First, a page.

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22 June 2019

22 June 2019 – Cold Moon

Shoulder-striped Wainscot (Mythimna comma)

The moth evening arranged for early June was a complete wash-out.  The gardens open in the evenings and a moth identification and release has been part of the evening for near enough ten years now.  June is such an unpredictable month and the rain and wind this year seem to have reduced the moth population to a mere fraction of what might be expected.  Next week we will  have another attempt…

Meanwhile here are four examples of moths that are high on the list of those you might find flitting like fairies in the shrubbery.

The Shoulder-striped Wainscot has two black stripes running centrally down the forewings, following roughly the line of the abdomen.  A vein of white can also be seen that divides into two or three branches and a small white spot.  The caterpillar feeds on grasses, including Cock’s-foot.

Ingrailed Clay (Diarsia mendica mendica)

Not only is the Ingrailed Clay (Diarsia mendica mendica) extremely variable in its appearance but it also resembles a number of other species just to add to the general confusion.  This example is particularly strongly marked and the white box shape near the kidney mark can be clearly seen.  The larva will feed not only on primroses and violets, but will chew its way through hawthorn, sallow, hazel and blackthorn.  It is very common and a regular visitor to the gardens in Coxwold. 

Heart and Dart (Agrotis exclamationis)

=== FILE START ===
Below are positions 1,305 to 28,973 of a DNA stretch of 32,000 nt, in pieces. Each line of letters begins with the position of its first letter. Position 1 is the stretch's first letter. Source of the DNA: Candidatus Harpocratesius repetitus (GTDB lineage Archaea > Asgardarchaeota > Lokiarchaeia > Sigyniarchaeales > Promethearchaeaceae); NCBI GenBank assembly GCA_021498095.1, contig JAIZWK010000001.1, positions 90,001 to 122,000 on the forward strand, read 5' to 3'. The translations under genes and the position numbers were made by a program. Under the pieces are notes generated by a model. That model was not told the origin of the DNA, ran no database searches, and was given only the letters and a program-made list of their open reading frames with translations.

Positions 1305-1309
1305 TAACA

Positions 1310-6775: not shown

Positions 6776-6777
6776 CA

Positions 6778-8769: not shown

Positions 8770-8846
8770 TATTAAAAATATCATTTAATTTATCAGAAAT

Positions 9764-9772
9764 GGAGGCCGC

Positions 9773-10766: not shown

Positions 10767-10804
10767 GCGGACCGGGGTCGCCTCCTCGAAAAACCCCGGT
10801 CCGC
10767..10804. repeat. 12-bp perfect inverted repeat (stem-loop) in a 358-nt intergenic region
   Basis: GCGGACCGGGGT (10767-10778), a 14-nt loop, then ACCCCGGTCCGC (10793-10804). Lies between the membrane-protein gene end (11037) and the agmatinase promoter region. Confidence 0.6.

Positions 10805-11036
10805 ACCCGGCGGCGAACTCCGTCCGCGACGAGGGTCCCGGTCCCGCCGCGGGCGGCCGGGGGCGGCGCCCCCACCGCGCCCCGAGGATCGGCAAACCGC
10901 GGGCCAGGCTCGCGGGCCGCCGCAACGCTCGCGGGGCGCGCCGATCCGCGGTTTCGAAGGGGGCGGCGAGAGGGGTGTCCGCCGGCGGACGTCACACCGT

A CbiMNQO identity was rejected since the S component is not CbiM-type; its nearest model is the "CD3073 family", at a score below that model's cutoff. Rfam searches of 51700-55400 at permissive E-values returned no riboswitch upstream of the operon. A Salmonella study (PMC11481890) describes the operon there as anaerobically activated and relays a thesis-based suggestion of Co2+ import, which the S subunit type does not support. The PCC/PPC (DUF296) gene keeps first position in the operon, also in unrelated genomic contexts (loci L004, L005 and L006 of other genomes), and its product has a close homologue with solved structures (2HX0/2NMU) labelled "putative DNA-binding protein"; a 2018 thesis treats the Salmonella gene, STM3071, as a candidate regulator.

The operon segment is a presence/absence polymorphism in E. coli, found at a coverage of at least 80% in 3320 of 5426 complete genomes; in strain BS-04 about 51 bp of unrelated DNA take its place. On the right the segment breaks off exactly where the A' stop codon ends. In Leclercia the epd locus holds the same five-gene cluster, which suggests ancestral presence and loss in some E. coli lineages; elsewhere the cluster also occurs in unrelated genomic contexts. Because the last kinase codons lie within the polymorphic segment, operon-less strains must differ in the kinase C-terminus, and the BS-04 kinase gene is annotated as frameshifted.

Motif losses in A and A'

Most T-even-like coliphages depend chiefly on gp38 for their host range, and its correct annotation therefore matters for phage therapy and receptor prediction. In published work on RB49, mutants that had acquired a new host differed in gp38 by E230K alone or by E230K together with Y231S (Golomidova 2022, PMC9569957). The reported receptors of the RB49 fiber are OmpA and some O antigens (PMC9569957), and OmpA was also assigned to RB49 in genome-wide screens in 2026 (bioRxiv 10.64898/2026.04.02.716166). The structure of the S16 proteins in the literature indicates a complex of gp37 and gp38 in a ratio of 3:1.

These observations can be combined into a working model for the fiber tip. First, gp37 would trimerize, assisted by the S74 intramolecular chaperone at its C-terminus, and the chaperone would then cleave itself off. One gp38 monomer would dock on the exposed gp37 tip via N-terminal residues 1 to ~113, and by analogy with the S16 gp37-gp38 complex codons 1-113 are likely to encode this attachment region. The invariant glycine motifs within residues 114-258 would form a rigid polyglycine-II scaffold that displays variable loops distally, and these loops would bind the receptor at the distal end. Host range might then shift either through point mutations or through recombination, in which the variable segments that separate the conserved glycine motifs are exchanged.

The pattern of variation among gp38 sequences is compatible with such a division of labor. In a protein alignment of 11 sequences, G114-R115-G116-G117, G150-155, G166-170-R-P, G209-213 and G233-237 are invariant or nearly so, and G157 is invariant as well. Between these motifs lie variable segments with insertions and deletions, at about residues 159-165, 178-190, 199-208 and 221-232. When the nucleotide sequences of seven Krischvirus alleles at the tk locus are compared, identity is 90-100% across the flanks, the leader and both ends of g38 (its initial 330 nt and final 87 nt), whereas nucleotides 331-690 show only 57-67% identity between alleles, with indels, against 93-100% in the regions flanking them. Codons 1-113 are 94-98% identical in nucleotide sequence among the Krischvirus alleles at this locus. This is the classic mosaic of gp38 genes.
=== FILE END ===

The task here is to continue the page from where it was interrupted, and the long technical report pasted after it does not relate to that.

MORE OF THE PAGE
This most common of moths doesn’t normally have such a heart-shaped mark to identify it by.  The dart too is clearly seen.  The Heart and Dart can be found all over the country and has two generations a year.  According to the Field Guide there could be hundreds in the moth trap – this was the only one.

Marbled Minor (Oligia strigilis)

The fourth moth that can be expected to be seen in June through to August is the Marbled Minor.  Another moth that has a wide variety of different wing colours and patterns but the one in the photograph is quite a good exemplar.The scientific name can be broken down into ‘oligis’ small – hence ‘minor’ and ‘striga’ a little line. ‘Stringere’ means to draw and the strigil is that implement that Roman bathers used to draw across their skin to keep their bodies smooth. 

This blog dates from 20 June and there is another trap waiting to be examined this evening.  If there is anything of interest (which there is bound to be) the next post will reveal all.